Dear Dr. Jay,
I’m interested in testing a large number of features for inclusion in the next version of my product. My team is suggesting that we need to cull the list down to a smaller set of items to run a choice model. Are there ways to test a large set of attributes in a choice model?
Hi Nick –
There are a number of ways to test a large set of attributes in choice modeling. Most of the time, when we test a large number of features, many are simply binary attributes (included/not included). While this makes the experimental design larger, it’s not quite as bad as having ten six-level attributes. If the description is short enough, you might go ahead and just include all of them. If you’re concerned about how much reading a respondent will need to do—or you really wouldn’t offer a respondent 12 additional perks for choosing your credit card—you could put a cap on the number of additional features any specific offer includes. For example, you could test 15 new features in a single model, but respondents would only get up to 5 at any single time. This is actually better than using a partial profile design as all respondents would see all offers.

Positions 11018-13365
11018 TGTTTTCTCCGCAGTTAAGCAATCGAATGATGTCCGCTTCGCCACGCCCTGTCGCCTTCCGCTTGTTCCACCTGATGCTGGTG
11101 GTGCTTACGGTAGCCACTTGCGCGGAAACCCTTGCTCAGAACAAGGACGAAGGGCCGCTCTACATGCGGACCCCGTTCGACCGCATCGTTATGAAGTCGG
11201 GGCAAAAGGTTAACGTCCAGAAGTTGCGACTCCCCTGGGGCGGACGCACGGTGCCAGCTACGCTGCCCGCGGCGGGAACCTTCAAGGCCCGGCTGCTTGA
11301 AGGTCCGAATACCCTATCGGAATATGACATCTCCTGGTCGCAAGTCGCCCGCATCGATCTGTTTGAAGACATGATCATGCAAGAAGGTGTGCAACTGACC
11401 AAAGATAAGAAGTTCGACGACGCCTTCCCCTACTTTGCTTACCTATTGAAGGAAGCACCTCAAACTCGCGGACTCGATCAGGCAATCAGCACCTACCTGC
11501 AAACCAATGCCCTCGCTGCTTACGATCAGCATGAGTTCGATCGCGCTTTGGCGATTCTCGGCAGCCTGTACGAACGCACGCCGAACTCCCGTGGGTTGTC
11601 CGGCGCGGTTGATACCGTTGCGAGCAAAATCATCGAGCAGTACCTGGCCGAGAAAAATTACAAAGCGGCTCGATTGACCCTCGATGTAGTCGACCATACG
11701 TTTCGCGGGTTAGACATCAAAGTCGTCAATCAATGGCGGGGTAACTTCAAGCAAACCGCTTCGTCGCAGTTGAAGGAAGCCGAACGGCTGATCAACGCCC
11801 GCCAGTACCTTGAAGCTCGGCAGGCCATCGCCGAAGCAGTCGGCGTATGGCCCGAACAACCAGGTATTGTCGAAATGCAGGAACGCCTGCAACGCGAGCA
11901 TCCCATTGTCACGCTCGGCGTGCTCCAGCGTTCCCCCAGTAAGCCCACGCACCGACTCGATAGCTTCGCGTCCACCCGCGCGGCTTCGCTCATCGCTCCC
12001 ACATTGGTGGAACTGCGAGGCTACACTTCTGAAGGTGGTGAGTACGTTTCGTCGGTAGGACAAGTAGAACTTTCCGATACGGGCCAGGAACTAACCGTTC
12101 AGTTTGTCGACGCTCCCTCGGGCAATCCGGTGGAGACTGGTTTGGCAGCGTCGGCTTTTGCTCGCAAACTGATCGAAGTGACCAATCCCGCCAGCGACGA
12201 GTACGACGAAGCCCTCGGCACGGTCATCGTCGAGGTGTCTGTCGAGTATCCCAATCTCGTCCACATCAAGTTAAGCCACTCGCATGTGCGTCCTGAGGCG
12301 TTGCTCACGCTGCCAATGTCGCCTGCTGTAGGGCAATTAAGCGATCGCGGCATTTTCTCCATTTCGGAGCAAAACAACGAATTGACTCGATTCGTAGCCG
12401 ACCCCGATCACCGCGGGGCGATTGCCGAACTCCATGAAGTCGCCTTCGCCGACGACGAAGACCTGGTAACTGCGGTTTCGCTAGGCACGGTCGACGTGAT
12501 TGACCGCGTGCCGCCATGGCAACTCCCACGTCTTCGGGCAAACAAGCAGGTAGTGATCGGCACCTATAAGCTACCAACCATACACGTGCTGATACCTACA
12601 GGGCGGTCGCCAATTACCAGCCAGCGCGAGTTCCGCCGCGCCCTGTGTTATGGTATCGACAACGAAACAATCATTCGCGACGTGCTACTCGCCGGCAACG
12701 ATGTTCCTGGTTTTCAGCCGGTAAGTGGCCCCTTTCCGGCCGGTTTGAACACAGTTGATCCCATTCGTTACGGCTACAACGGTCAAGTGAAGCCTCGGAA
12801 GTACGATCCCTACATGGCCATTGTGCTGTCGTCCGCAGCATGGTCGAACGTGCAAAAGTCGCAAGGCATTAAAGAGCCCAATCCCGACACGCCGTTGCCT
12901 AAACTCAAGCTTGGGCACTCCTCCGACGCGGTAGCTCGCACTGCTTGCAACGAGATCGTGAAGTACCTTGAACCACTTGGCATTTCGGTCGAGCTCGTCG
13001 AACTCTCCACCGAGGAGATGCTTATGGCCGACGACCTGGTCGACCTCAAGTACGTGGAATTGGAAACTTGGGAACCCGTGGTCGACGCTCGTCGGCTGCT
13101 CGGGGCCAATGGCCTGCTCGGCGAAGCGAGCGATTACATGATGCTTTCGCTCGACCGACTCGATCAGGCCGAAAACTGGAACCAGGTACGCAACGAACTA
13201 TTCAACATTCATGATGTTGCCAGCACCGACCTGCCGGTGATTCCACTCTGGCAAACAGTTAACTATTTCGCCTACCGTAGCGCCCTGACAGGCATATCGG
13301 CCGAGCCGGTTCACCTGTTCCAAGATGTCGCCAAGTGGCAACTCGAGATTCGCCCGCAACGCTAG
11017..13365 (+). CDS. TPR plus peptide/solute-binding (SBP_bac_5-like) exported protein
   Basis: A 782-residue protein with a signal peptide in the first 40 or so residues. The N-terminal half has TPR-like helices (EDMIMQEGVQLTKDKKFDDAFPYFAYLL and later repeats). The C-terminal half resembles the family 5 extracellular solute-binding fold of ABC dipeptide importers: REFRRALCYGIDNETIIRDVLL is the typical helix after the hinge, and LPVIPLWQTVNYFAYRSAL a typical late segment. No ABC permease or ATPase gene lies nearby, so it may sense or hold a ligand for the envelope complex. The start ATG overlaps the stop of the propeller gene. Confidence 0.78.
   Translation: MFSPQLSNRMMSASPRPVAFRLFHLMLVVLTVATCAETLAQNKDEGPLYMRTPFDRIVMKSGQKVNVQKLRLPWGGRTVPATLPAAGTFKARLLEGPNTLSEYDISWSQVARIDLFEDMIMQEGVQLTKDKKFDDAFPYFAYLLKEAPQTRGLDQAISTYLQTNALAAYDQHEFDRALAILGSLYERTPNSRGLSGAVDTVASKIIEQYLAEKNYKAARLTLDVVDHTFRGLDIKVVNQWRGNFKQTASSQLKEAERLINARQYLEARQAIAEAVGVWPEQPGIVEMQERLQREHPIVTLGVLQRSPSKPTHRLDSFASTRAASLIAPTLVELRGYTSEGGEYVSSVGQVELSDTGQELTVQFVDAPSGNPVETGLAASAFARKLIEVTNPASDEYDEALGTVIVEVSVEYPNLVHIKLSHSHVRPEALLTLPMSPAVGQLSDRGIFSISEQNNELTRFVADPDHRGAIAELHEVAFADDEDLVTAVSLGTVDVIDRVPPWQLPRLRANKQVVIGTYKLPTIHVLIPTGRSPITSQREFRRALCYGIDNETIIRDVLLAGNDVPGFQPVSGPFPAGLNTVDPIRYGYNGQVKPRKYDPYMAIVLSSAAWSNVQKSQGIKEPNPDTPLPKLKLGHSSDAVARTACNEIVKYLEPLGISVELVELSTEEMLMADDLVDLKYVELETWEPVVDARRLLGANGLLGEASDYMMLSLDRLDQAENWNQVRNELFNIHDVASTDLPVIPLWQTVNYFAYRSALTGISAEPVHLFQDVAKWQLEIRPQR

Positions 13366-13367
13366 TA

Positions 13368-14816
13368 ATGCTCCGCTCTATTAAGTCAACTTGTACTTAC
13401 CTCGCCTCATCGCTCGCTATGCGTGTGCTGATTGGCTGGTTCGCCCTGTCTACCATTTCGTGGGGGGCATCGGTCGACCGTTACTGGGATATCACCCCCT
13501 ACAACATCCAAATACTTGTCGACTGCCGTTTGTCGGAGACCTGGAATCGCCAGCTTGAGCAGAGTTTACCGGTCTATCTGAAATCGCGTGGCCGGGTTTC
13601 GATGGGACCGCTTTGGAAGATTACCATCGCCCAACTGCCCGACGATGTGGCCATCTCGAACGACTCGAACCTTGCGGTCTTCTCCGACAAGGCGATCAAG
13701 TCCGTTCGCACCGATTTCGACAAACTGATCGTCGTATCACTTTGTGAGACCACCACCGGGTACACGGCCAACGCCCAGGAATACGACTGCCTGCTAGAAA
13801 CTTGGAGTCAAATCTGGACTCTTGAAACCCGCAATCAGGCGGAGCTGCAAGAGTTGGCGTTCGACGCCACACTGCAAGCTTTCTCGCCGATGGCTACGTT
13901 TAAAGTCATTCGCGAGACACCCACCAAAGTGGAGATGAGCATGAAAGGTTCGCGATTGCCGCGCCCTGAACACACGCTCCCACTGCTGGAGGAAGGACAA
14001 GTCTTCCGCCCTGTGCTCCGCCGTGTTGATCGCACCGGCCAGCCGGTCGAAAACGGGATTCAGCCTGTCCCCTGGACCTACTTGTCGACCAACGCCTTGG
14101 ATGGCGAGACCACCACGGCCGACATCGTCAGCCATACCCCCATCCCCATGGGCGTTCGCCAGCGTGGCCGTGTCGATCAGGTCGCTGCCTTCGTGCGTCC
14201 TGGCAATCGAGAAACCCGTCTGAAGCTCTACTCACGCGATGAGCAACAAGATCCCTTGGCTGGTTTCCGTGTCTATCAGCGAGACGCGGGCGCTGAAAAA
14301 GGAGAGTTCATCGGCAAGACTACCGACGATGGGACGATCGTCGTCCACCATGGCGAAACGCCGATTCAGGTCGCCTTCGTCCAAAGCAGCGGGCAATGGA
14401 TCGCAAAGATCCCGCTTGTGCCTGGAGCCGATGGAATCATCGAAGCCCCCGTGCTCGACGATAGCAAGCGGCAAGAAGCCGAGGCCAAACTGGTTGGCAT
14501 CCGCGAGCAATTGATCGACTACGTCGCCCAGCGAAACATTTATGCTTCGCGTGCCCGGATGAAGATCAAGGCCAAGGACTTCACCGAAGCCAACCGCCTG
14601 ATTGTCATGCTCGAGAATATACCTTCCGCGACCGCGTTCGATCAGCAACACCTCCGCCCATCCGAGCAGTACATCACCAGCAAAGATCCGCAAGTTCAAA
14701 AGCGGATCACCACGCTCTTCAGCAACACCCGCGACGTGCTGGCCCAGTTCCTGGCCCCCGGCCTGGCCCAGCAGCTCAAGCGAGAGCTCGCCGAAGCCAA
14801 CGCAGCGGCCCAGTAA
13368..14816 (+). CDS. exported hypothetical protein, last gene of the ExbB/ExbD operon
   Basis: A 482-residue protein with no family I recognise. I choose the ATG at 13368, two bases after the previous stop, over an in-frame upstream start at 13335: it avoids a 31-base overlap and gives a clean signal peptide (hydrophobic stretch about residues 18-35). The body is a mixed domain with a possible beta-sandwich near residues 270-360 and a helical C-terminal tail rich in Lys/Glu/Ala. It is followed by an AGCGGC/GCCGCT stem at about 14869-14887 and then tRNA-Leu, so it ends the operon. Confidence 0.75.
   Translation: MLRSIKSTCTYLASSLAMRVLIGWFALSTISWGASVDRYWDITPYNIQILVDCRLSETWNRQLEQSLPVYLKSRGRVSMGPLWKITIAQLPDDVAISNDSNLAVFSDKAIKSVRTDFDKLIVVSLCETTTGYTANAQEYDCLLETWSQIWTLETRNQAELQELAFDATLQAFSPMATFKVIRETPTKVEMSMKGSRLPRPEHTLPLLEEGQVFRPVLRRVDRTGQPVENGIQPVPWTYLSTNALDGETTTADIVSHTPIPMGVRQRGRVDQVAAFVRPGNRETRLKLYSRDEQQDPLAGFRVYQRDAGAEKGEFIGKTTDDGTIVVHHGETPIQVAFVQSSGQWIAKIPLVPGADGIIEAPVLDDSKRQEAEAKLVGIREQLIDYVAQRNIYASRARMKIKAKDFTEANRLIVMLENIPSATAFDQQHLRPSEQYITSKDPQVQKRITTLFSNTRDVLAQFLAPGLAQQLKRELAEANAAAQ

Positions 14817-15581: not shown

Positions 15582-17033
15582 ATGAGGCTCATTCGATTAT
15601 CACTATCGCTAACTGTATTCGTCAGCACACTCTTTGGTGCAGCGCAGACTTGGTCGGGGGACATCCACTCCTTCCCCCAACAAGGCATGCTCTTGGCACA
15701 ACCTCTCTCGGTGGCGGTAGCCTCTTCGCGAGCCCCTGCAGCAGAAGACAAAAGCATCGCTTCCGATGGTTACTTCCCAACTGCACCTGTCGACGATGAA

Another option is to do some sort of bridging study where you test all of the features using a max diff task. You can include a subset of the factors in a DCM and then use the max diff utilities to compute the utility for the full list of features in the DCM. This allows you to include the full set of features in your simulation tool.
Dr. Jay loves designing really big, complex choice models. With over 20 years of DCM experience, he’s never met a design challenge he couldn’t solve.